BEEF bits

Jul 31, 2009
by WLJ



Senator blocks animal rights activist

Sen. John Cornyn, R-TX, has placed a hold on the nomination of animal rights activist Cass Sunstein who was set to be appointed to be administrator of the Office of Information and Regulatory Affairs within the Office of Management and Budget. “Sen. Cornyn finds numerous aspects of Mr. Sunstein’s record troubling, specifically the fact that he wants to establish legal ‘rights’ for livestock, wildlife and pets, which would enable animals to file lawsuits in American courts,” said Cornyn spokesman Kevin McLaughlin.

Group wants cancer warning on hot dogs

In a lawsuit filed by the Cancer Project, an affiliate of the animal rights activist group Physicians Committee For Responsible Medicine, the group has asked the court to require firms to label hot dogs as a potential cancer causing agent. The suit names Oscar Mayer, Kraft Foods, Sara Lee and other food companies as defendants. The American Meat Institute (AMI) issued a statement calling the litigation a nuisance lawsuit. “We hope the court will move quickly to review the science affirming the safety of hot dogs and processed meats and dismiss this lawsuit,” said AMI President J. Patrick Boyle. “Meat products are regulated and inspected by USDA and bear the federal government’s seal of inspection, showing they are wholesome and nutritious.”

Finalists named in beef cook-off

The nation’s premiere amateur beef-cooking contest, the National Beef Cook-Off, has announced its 15 national finalists for the 2009 event. Sonoma, CA, is the host city for this year’s event which will take place Sept. 21-23 with amateur home cooks battling for their stake in more than $70,000 in cash prizes. One finalist will be named the $25,000 “Best of Beef” grand prize winner. This promotion event, funded by the beef checkoff, provides significant opportunities for publicity. Media coverage for the 2007 cook-off generated nearly 3,000 placements, totaling more than 400 million media impressions. In addition, the entry generation phase of the 2009 cook-off generated more than 1,200 positive articles about the upcoming event, reaching over 222 million beef-loving Americans.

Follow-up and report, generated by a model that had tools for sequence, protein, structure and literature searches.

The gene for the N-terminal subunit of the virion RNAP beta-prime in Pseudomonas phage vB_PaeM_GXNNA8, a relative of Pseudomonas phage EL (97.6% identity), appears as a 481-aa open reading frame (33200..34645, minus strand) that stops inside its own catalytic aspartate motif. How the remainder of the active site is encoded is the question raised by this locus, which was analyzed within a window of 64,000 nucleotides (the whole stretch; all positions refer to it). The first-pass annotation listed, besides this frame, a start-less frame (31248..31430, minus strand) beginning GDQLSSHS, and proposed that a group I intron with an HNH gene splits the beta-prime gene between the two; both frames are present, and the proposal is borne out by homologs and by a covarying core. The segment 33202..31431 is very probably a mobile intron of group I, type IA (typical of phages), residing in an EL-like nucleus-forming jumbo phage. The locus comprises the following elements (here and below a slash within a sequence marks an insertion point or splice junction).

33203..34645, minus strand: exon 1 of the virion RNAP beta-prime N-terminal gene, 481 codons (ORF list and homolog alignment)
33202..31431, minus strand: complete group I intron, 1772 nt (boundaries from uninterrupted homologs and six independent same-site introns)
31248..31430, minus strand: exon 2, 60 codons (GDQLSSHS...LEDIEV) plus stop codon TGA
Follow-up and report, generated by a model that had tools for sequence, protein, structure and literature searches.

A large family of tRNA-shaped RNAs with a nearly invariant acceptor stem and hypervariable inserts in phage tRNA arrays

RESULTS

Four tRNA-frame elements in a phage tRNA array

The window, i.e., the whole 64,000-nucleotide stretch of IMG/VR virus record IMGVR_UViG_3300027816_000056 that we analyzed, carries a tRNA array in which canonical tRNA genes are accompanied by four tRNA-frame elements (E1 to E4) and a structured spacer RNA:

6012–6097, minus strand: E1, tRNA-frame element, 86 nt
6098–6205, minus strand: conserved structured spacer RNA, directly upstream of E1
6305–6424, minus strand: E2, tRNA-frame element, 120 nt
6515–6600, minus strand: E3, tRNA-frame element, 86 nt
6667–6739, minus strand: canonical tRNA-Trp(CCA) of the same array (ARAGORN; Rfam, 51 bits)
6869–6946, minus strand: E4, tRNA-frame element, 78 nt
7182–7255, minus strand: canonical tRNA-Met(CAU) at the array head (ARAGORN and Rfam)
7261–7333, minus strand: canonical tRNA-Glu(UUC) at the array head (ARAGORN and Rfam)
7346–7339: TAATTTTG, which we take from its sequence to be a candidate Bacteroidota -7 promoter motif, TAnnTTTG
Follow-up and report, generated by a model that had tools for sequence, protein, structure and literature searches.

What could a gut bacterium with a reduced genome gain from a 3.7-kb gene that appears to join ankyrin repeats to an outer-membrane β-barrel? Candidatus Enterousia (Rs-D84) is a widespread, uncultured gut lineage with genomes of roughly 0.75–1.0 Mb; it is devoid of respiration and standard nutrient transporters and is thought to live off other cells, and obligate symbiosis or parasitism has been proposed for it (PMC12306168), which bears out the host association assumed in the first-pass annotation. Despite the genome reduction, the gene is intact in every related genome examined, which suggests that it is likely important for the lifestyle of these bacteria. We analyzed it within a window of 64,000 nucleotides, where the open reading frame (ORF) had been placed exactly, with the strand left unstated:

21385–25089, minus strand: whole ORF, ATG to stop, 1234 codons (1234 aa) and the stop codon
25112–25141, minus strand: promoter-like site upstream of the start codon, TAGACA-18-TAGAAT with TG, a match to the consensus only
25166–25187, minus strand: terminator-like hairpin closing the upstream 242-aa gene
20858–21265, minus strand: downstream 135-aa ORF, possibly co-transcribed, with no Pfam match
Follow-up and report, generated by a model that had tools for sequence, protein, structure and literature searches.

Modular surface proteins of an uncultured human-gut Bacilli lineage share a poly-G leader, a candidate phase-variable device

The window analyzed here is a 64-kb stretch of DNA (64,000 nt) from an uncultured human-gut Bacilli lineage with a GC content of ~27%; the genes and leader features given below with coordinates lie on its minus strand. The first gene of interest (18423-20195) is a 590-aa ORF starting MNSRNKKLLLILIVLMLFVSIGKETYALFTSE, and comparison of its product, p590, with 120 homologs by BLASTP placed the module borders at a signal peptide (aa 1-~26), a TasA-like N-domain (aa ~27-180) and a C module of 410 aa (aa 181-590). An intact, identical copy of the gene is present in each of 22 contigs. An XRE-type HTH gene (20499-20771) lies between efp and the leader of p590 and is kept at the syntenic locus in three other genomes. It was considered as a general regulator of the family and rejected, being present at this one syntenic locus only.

Wyoming Beef Council to meet

The Wyoming Beef Council (WBC) will meet in Douglas, WY, on Aug. 12-13 at the Douglas Holiday Inn Express in the Laramie Room. The meeting on Aug. 12 will include a presentation from Senior Assistant Wyoming Attorney General Ken Nelson on fiduciary responsibility and liability of board members. On Aug. 13, beginning at 8 a.m., the council will reconvene to review and evaluate programs conducted with Wyoming beef checkoff dollars during fiscal year 2009. Reports will be given by Wyoming Ag In the Classroom, Wyoming CattleWomen, and Wyoming Beef Council staff. Updates from the Federation of State Beef Councils, the Cattlemen’s Beef Board, Wyoming Livestock Board and Wyoming Department of Agriculture will also be heard. For more information, please contact WBC at 307/777-7396.

House passes food safety bill

After failing a day earlier, the U.S. House of Representatives passed a sweeping set of food safety reforms last Thursday. The Wednesday quick vote required a two-thirds majority to limit debate and amendments added on the floor. The Thursday vote required a simple majority for passage. The bill, which passed on a 183 to 142 vote, would give the U.S. Food and Drug Administration (FDA) more food safety authority. However, facilities already regulated by USDA would be exempt from some of FDA’s extended powers, including exempting livestock operations from new on-farm inspection authority granted to FDA under the bill. The future of the regulation now depends on action in the Senate if it is to move forward. It’s fate in the Senate is less certain.

National Beef names president and CEO

National Beef Packing Co. said last week it has promoted Tim M. Klein to president and CEO and appointed him to the company’s Board of Managers.  Klein had served as president and chief operating officer since 1997. He succeeds John R. Miller, who has been National Beef’s chief executive for the past 17 years. Miller will now work as a consultant to the Kansas City, MO-based company and remain on its board. Steve Hunt, chairman of National Beef’s board and CEO of U.S. Premium Beef, explained that a succession plan has been in place “for years.” Part of that plan included development of the management staff to take the reins of “an ever-changing and growing company,” he said.